What’s the Buzz? Indiana DNR Shares Tips on Identifying Different Hornet Species and Their Threat Level
Remember when Murder Hornets were a thing? Known by entomologists as the Asian Giant or Northern Giant hornet, they were spotted in Washington state in May of 2020 when everyone was already at their wits end thanks to the COVID pandemic. While their sting can pack a punch to humans in terms of the amount of pain it causes, it's rare for anyone to die from its sting. The biggest concern with these scary-looking insects at the time was their impact on the already thin honey bee population, which is a crucial part of our ecosystem. The good news is, thanks to the quick action of officials in Washington state, no murder hornets have been spotted in that area, or anywhere else, in over a year (Yay!). But, they're not the only species out there, of course. Indiana has its share too, which is why the Department of Natural Resources (DNR) is giving residents a heads-up on the different types you might see and what you should do if you find them.
The Department recently shared a graphic on its Facebook page comparing the sizes of four other hornet species to the Northern Giant Hornet to help residents decide how concerned they should be. While all of them aren't considered dangerous to humans unless you provoke them, a couple can have a negative impact on the environment.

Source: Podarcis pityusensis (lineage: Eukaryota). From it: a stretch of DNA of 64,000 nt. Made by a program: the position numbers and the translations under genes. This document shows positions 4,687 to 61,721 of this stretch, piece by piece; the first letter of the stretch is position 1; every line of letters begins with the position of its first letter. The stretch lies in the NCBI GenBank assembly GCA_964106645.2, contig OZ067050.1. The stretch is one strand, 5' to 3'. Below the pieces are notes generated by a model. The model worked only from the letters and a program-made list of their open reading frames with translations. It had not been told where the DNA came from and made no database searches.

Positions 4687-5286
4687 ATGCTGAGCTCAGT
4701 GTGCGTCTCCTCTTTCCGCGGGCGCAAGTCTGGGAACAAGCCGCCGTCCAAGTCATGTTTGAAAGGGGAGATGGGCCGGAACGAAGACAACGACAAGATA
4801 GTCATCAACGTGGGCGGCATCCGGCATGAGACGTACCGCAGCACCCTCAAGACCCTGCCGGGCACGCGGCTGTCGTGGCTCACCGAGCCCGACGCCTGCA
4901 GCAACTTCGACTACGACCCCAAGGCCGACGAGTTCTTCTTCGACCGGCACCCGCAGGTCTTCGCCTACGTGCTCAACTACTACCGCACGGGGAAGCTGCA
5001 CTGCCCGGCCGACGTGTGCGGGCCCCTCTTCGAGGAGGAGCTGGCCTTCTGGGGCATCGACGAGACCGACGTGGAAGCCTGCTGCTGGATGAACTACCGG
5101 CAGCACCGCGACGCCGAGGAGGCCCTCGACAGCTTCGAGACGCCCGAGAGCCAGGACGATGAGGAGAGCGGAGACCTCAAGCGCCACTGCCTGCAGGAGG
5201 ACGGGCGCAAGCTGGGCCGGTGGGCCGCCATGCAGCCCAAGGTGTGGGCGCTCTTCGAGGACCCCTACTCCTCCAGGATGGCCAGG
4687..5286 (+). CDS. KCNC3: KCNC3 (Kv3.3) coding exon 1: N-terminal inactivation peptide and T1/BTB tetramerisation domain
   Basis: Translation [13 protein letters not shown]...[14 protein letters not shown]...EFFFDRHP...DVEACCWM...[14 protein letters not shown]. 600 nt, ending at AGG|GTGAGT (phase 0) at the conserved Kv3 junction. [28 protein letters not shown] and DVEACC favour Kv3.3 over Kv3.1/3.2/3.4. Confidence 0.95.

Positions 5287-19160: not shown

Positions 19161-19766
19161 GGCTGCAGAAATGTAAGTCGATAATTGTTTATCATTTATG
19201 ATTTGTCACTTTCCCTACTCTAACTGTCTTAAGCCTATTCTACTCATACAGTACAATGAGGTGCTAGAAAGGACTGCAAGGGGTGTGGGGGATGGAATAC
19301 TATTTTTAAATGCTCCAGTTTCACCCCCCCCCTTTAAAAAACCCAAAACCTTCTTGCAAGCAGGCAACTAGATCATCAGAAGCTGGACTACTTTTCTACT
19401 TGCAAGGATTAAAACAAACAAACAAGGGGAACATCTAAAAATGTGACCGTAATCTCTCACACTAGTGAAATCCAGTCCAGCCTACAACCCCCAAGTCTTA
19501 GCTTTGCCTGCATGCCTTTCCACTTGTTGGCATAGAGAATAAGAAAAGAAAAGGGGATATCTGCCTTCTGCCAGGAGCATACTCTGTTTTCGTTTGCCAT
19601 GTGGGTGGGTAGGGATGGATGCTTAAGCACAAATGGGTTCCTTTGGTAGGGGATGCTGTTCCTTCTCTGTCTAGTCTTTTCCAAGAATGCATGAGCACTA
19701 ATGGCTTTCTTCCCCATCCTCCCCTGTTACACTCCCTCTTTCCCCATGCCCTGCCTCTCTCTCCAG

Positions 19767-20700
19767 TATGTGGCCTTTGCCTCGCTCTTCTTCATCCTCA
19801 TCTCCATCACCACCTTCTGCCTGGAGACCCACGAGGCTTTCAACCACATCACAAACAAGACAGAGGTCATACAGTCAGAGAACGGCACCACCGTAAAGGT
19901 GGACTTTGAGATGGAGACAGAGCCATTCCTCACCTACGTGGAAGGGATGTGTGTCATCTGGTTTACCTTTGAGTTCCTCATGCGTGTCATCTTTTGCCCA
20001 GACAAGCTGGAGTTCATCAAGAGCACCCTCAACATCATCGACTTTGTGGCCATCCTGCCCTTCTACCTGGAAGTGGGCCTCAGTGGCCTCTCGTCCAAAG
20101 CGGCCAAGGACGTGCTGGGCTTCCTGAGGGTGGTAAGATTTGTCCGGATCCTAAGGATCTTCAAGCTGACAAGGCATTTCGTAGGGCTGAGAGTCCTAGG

The Horntail Hornet is similar to the Giant Wood Wasp and is often confused with the Northern Giant Hornet due to its size. While its abdomen isn't as wide as the Northern Giant, its body as a whole is nearly the same size at roughly two inches. What looks to be a long stinger shooting off their abdomen is actually a "hornlike spine," according to the Colorado State University College of Agricultural Sciences. The problem with horntails is they like to burrow into trees to lay their eggs which can kill the tree over time.
Like the Northern Giant, the Yellow-Legged Hornet feeds on honeybees and other pollinating insects which can have a major impact on the ecosystem if they're not brought under control. While they haven't been spotted in Indiana yet, these pesky invaders made headlines a few weeks ago after being discovered in Georgia.
The Indiana DNR asks that if you think you've spotted either a Northern Giant or Yellow-Legged Hornet, try to get a good picture of what you've found that you can share with them. Assuming you can do so safely, of course. If a picture isn't possible, they ask that you still contact the Division of Entomology & Plant Pathology at DEPP@dnr.IN.gov or 1-866-NO-INVASIVE, and be sure to include your name, contact information, and the specific location where you found the hornet. It's entirely possible what you found may not be one of the two they're concerned with, it's better to be safe than sorry.
You can see the full graphic and descriptions of each hornet species on the Indiana DNR Facebook page.
[Source: Indiana DNR on Facebook]